Generally speaking, from both an SEO and user experience point of view, it is indeed good practice to include a date tag or stamp at the top of a blog post, as it helps the reader understand the context and also builds trust.
To be clear, I am referring to a physical indication of the publication date on the page itself – not included in the URL of the post.
Content creators may write with a different perspective depending on the context of what else was happening at a particular time. Therefore having a date stamp will help the reader to understand why a certain perspective was taken.
This context becomes even more pivotal when the topic is technical or advice-based. For example, we’ve all read an article about how to achieve a task on a mobile device, only to find the solution no longer works as there have been subsequent software updates. Not only is this a waste of time, but it can also leave the reader feeling frustrated with the brand or organisation that provided it.
Without a date tag, it’s impossible to tell if an article was written two days or two years ago and therefore whether it is at all useful to the reader.
Including the date in a blog post, is really key to building audience trust. It’s one of those things that readers don’t notice until it’s not there and could increase a site’s bounce rate if readers immediately take against the lack of transparency.
In fact, date stamps are often pulled through into SERPs results so by not including a date tag, a site may not benefit from the click-through at all, as the searcher selects results that are more obviously written within a timescale that they consider reasonable for a particular topic.
So why doesn’t everyone use date tags?
Apart from the few who just haven’t considered it, the main reason seems to be that of evergreen content and the concern that this carefully-curated timeless material will become less valuable or even redundant if it is time-stamped.
Although there is no data to actually prove this, the general consensus in the SEO community is that the trust and transparency accrued by a date stamp far outweighs the potential harm done by no date stamp at all.
But as Google favours sites that are regularly updated with fresh content, it is an understandable concern of webmasters that older evergreen content with a date stamp could lose its value over time.
In which case, feel free to update it.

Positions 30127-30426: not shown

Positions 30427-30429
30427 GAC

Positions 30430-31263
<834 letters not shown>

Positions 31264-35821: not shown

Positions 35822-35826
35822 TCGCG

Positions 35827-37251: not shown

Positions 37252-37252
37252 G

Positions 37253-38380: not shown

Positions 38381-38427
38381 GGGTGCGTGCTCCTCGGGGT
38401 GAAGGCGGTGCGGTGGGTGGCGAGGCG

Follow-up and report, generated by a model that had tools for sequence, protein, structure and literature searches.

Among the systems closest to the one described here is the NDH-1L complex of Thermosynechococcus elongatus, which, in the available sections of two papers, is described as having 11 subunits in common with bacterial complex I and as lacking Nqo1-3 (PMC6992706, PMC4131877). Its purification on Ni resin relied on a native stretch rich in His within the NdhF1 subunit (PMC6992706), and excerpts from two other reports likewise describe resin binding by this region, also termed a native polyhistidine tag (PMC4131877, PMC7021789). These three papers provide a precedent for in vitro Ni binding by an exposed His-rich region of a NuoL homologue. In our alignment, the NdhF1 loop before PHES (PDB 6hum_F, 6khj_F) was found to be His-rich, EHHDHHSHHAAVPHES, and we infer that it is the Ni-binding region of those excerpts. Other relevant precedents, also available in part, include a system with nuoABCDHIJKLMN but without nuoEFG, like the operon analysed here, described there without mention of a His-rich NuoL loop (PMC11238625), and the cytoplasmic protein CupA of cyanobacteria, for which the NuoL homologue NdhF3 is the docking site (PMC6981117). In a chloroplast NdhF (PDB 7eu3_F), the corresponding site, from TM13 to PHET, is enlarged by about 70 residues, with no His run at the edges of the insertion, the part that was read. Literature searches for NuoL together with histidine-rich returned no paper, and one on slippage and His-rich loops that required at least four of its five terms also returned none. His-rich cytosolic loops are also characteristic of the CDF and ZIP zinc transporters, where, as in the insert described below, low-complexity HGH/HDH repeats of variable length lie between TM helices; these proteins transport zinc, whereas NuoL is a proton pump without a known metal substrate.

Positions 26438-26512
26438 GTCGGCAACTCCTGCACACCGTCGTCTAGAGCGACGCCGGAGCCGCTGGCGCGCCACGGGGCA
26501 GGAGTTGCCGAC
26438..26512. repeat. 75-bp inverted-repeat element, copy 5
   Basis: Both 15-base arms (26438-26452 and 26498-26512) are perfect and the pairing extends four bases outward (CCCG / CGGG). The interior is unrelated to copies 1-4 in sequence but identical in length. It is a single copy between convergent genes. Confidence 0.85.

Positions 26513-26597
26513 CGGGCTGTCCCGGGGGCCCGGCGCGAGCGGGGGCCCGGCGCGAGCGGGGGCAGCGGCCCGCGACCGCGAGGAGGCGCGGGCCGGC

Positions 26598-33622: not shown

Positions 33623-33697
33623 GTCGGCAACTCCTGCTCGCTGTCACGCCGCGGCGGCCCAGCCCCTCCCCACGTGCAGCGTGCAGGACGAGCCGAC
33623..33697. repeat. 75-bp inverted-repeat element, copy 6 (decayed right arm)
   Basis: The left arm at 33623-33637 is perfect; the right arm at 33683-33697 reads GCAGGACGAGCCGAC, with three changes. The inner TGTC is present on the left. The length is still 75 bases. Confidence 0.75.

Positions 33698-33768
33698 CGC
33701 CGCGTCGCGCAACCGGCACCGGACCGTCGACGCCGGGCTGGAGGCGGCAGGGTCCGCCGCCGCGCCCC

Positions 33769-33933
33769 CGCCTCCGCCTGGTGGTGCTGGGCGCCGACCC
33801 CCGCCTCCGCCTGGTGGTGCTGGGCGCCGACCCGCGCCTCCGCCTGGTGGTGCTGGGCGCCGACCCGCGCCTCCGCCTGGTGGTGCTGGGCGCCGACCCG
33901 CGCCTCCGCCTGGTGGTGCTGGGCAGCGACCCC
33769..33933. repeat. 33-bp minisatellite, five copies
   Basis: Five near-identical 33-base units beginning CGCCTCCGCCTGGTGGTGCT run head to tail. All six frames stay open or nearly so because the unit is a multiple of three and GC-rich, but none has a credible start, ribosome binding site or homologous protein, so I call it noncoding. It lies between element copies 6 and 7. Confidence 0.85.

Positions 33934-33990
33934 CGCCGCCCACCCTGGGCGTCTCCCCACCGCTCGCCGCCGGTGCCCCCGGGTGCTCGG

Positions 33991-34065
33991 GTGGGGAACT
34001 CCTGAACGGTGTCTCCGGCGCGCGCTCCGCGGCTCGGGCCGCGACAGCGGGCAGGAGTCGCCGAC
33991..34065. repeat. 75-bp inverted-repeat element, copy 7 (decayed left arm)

How to update blog content
In general, it’s better to update an existing piece of content than recreate it. Competing content isn’t helpful to search engines and can cannibalise search traffic, so if the topic is still relevant then updating the blog post is usually the best way to go.
This strategy is best adopted with evergreen pieces of content that performed really well in the past and need a nudge in the right direction to remain that way.
Typically, the writer will adjust the time stamp and then in the article header or footer state the date the article was originally published.
Publishers and those who are in the business of news, tend to have a CMS that includes both the original date and subsequent updates but most blog posts will only be designed to include the former. Therefore it’s best to update the date tag and then mention the original publication date elsewhere in the copy, otherwise the original date will continue to show in SERPs.
The date stamp doesn’t need adjusting for every single tiny update (for example if the organisation changed name or the odd statistics here and there) but should be used for more meaningful revisions.
This also applies if, over time, a site has created several pieces of similar content which would all be better combined into one. With redirects in place, and a better-optimised page that isn’t competing with itself, it’s not unusual to see the new post outperform the combination of its predecessors as the link juice from all the pages boosts the new single destination.
Date tags and stamps aren’t directly connected to rankings and traffic generation but all arrows definitely point in the direction that dated content has the propensity to outperform non-dated stamped copy.